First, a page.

After 35 Years, Wrongly Convicted Man James Bain Not Bitter

After 35 Years, Wrongly Convicted Man James Bain Not Bitter

Published December 23, 2009

Thirty-five years is a long time to be incarcerated for a crime you never committed.

But now, after spending almost two-thirds of his life behind bars on a bogus rape rap, James Bain, 54, can focus on freedom and the Florida justice system can concentrate on catching the man who really kidnapped a 9-year-old Lake Wells, Fla., boy and sodomized him in 1974. Bain was released last Thursday, thanks to DNA testing.

 "If there's a rapist in our community, we want him removed," said Lake Wales police Capt. Troy Schulze. The next step, he said, will be to see if the DNA evidence matches other samples already in the system. If there is no positive hit on the DNA, authorities must decide whether to reopen the case.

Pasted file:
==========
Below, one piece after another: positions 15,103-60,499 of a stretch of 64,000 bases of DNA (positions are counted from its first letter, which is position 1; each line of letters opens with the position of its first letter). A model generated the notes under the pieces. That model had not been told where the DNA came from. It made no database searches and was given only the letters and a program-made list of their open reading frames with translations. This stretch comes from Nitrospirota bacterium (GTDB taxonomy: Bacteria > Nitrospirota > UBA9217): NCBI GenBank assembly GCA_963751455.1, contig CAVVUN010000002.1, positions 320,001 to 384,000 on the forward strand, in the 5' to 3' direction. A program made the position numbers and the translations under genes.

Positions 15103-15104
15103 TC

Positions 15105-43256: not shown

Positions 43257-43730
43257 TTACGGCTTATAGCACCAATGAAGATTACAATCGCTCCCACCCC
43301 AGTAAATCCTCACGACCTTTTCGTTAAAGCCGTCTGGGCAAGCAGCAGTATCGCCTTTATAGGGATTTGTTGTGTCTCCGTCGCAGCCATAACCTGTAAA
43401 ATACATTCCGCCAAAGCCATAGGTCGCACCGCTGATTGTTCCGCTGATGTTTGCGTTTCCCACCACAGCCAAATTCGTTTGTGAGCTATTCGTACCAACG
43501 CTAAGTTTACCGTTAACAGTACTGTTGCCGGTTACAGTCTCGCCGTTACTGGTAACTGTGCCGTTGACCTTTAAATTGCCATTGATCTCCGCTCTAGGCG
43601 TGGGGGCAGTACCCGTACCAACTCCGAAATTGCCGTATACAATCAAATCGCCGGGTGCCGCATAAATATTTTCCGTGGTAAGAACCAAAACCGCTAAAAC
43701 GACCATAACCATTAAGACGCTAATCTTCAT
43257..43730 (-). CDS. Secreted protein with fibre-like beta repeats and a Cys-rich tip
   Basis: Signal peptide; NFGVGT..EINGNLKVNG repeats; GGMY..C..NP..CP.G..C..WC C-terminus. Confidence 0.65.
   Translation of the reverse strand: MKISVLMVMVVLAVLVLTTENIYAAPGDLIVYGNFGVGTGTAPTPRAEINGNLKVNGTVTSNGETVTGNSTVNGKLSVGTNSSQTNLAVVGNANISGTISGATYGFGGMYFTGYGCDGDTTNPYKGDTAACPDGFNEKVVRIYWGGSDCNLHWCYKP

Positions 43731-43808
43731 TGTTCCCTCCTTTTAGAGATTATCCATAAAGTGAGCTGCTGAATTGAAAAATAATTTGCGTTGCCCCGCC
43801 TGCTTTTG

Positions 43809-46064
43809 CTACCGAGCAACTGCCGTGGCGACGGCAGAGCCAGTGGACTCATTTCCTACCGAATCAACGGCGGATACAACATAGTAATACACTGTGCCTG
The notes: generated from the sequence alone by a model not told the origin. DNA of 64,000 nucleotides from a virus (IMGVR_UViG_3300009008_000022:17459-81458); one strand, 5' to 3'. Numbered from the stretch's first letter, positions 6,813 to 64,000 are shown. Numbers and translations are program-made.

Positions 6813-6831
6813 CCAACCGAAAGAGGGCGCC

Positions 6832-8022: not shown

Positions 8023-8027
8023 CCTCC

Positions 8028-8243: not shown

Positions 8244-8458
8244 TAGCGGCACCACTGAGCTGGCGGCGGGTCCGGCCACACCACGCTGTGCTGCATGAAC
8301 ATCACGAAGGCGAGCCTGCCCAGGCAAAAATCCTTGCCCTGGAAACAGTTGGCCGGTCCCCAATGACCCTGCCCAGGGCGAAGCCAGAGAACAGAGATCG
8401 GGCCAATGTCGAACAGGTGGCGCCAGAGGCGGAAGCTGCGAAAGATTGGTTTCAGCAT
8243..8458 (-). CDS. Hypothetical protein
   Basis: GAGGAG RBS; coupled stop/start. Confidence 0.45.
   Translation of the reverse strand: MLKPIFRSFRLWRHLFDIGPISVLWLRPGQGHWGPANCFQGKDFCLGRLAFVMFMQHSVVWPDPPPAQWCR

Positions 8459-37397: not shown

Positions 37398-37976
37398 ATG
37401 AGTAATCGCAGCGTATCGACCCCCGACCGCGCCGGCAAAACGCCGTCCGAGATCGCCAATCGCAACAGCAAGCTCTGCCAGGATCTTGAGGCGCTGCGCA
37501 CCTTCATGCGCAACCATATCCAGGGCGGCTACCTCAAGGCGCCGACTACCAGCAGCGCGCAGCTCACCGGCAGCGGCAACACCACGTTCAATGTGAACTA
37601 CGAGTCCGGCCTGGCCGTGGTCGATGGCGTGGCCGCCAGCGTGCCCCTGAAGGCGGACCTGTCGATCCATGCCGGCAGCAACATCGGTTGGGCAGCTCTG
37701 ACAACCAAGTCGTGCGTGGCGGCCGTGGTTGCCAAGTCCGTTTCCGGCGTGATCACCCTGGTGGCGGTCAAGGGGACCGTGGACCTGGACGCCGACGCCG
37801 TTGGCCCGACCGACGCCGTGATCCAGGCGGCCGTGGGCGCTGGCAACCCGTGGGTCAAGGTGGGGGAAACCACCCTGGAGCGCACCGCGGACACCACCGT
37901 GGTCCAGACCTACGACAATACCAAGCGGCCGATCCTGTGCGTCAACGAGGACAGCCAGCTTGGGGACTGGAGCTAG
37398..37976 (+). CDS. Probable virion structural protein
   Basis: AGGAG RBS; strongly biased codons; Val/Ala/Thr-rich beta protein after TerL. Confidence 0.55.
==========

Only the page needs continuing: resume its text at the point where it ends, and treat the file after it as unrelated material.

Meanwhile, Bain said he is far too thankful about getting out of prison to be angry. The boy picked him from a lineup of five photos, and Bain was given life.

 "I'm not angry. ... I can't be angry because everybody did what they had to do when this occurred," said Bain, who was 19 at the time he was sentenced. "... [I]t's just sad the way the outcome came. But I don't have no bitterness for that."

Bain has spent more time in prison than any of the 245 people in the United States exonerated by DNA testing, according to the Innocence Project, a national organization dedicated to exonerating wrongfully convicted people through such testing.

Under a state law, Bain can collect $50,000 for every year he was in prison, for a total of $1.75 million.


Written by <P>By Ed Wiley III, </P>


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